The essence of Joseph's masterpiece hinges upon what Stuart Glendinning Hall describes in his thought-provoking essay, "Towards a Working Non-Linear Science of Empowerment" (presented at the Ninth Annual International Conference of the Society for Chaos Theory in Psychology and the Life Sciences in Berkeley, California, July 23-26, 1999). As Hall puts it, the idea that there could be a "people's knowledge" substantially equivalent to "educated knowledge" is acknowledged by Edwin Lazlo in terms of the "growing convergence between the mystical worldview (predominantly, but by no means exclusively, Eastern) and the emerging paradigm of reality among scientists at the cutting edge of contemporary knowledge." It is rare to find anyone arguing this kind of equivalent in the West because, continues Hall, the colonization of consciousness by the values of need and knowledge has had longer to run: "European mathematics is mathematics; all other mathematics is anthropology. That explains why this other mathematics belongs to what has been called ethnoscience" (a la Thomas Crump in his 1990 work, The Anthropology of Numbers).

What Joseph accomplishes, therefore, is to highlight the myth in the perception that, again following Hall, "people's collective silence is correlated with stupidity, when it is first and foremost an adaptive response to an environment where people perceive they do not have a voice." Thus, Joseph's book is a valuable collection for every scientist, natural, behavioral, or social.

The African Institution
Nancy Casey's Ethnomathematics page
SGEm International Study Group on Ethnomathematics
Resources for Teaching Mathematics for an Education that is Multicultural


Abdul Karim Bangura
holds a Ph.D. in Political Science from Howard University, a Ph.D. in Policy Sciences (with a concentration in Development Economics) from the University of Maryland Baltimore Graduate School, a Ph.D. in Linguistics from Georgetown University, and towards the completion of a Ph.D. in Computer Science at Columbus University. He is currently Researcher-In-Residence at the Center for Global Peace, Assistant Professor of International Relations, Coordinator of the Islamic Lecture Series, and Coordinator of the National Conference on Undergraduate Research in the School of International Service at American University; Professorial Lecturer III in Political Science at Howard University; and Director of The African Institution in Washington, DC. From 1993 to 2000, Bangura taught Political Science and International Studies, served as Special Assistant to the President and Provost, and founded and directed The Center for Success at Bowie State University. He also has taught at Georgetown University and Sojourner-Douglass College. He is the author of 19 books and more than 200 articles in refereed journals and other sources. His recent books include United States-African Relations: The Reagan-Bush Era (2001); United States Congress and Bilingual Education (2001); Historical Political Economy of Washington, D.C. (2000); and Chaos Theory and African Fractals (2000). His recent, refereed articles and book chapters include "Measurable Effects of Multilingualism in Africa" (International Journal of the Sociology of Language 2000), "Divisive Babarity or National Civilization: Linguistic Presuppositions of the Sierra Leone National Anthem as a Tool to Teach Peaceful Behavior" (International Journal of Sierra Leone Studies and Reviews 2000), "Ethnicity's Threat to Peace" (in Elias and Turpin), and "Metaphors of Global Ethics: An African Spiritual and Religious Perspective" (in Bushrui et al. 1999). He also is Editor-In-Chief of both the Journal of Research Methodology and African Studies and the African Journal of Languages and Linguistics. Bangura is the Vice President-Elect of the Association of Third World Studies and a member of many other scholarly organizations. He has received many teaching and other scholarly and community service awards, and he is fluent in about a dozen African and six European languages.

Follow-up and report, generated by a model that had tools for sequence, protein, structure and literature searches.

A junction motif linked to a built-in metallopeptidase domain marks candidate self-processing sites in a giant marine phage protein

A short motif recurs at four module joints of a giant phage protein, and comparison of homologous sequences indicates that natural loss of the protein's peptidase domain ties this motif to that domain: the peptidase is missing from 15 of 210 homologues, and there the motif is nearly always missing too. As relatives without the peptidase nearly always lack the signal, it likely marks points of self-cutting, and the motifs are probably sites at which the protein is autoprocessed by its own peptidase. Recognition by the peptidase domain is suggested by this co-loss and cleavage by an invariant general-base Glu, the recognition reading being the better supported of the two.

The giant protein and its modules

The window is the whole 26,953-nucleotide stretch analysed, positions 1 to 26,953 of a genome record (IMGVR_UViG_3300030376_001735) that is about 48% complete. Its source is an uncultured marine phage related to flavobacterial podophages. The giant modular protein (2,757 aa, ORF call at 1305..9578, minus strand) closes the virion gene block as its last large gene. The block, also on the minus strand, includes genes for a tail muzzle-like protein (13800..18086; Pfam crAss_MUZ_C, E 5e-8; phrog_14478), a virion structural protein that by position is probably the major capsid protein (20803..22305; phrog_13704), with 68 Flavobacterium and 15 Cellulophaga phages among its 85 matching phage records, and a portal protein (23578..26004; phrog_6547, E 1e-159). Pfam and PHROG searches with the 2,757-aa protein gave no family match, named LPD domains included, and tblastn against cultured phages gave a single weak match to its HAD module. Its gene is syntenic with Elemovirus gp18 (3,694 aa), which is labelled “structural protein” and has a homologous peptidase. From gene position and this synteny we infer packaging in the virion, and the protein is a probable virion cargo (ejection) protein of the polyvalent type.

The correct citation for this article is:
Karim Abdul Bangura, "Review of Crest of the Peacock", Nexus Network Journal, vol. 3, no. 3 (Summer 2001), http://www.nexusjournal.com/Reviews_v3n3-Bangura.html